It's Firefly Season in the West
By Riley Black
It's a common sentiment when people move to Utah from the eastern United States - "I miss fireflies." These glowing beetles, hallmarks of summertime, don't seem to light up backyards here like they do in other places. But just because they're not flitting around during evening barbecues doesn't mean that fireflies aren't here. In fact, fireflires are flashing their neon colors in many places that entomologists didn't expect to find them.
Natural History Museum of Utah entomology collections manager Christy Bills has been tracking Utah's fireflies for years now. The beetles definitely are present in Utah, often in marshy places where people usually aren't active when the insects come out to put on their flashy evening displays. And as Bills has talked to community scientists and other experts, it's become clear that Utah isn't the only western state to boast fireflies.
"For the first five years," Bills notes, "this was the Utah Firefly Project." As Bills and collaborators learned more, however, reports started filtering in about lightning bugs elsewhere. "We've found them near Elko, in the Great Basin, into the middle of Idaho," Bills says, "with two populations in Wyoming and more near Albuquerque, New Mexico." Even though fireflies are a little harder to find in the Intermountain West, they're certainly here. That's what has led to the expansion of the original effort into the Western Firefly Project.
But why has it taken so long to rediscover insects that have been here for a very long time? There are several intertwined explanations. The first, Bills notes, is that states like Utah are very dry and fireflies depend on wet, marshy habitats. But what people do when they go outdoors has a role to play, too. "Where people go," Bills says, "they often make artifical light that drives the fireflies away." On top of that, people in Utah don't tend to stay out late among marshy habitats fireflies prefer, meaning Utahns are often in bed before the fireflies come out. And given that people don't expect fireflies to live in Utah, sometimes they just don't know to look for them. "I've been in places where fireflies were flashing and I've had to turn people around so they could see them," Bills says.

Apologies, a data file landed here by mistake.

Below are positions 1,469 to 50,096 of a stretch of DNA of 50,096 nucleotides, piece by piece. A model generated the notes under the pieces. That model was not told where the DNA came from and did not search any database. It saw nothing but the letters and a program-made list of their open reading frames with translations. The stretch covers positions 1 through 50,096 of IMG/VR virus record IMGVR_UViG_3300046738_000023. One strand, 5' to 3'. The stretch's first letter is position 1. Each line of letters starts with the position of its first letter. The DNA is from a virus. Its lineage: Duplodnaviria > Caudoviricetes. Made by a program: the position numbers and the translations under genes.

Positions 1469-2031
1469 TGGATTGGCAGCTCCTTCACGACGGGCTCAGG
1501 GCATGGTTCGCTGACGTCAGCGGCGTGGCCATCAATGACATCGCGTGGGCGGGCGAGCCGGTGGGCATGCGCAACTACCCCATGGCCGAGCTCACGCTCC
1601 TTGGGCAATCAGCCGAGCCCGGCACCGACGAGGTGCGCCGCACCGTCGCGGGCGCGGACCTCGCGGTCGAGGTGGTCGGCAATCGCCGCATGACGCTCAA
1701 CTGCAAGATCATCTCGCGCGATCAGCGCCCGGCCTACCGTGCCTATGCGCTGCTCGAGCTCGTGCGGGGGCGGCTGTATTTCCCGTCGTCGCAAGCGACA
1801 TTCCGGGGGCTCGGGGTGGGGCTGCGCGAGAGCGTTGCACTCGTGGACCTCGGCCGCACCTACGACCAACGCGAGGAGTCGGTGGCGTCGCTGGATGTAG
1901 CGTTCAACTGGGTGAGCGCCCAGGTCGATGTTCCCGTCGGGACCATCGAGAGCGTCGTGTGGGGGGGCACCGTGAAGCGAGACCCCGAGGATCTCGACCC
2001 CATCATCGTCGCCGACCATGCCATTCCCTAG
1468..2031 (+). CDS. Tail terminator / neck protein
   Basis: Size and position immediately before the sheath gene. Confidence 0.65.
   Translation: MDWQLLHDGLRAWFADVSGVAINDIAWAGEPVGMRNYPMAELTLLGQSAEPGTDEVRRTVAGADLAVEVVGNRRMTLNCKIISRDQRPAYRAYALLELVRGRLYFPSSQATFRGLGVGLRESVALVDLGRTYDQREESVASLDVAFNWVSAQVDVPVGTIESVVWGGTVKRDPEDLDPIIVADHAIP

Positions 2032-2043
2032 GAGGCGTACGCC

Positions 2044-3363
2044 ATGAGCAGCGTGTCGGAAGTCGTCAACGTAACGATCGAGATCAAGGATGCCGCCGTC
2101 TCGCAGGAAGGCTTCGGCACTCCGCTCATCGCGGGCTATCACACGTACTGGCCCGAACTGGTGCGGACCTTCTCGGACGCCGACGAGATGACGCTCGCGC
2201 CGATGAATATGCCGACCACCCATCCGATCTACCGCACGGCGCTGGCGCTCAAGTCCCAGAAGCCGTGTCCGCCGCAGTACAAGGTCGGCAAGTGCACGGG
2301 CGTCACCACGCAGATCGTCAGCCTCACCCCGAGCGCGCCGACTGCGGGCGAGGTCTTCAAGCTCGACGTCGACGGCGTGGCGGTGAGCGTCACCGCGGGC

Locating the fireflies is just an initial step in understanding them better, Bills says. Part of the expanded Western Firefly Project involves creating range maps for each population and identifying which firefly species are present. That's a difficult proposition, Bills notes, because fireflies are only adults for about six weeks in the summer. "We only have this brief window to study them," Bills notes. Entomologists and community scientists only have about a month and a half to observe and try to understand just a little bit more about the insects and what they indicate about the habitats where they're found.
The project couldn't take off without the help of various experts, institutions, and amateurs, Bills notes. In fact, the project got its start from Bills keeping a log of where people were reporting firefly sightings. Now, Bills says, the Western Firefly Project is "a quilt with many stitches," all contributed by people ranging from professional insect experts to farmers who know the insects flash over their fields. "Science," Bills says, "can use everyone's voices."
Riley Black is the author of Skeleton Keys, My Beloved Brontosaurus, Prehistoric Predators, and a science writer for the Natural History Museum of Utah, a part of the University of Utah in Salt Lake City. Our mission is to illuminate the natural world and the place of humans within it. In addition to housing outstanding exhibits for the public, NHMU is a research museum. Learn more.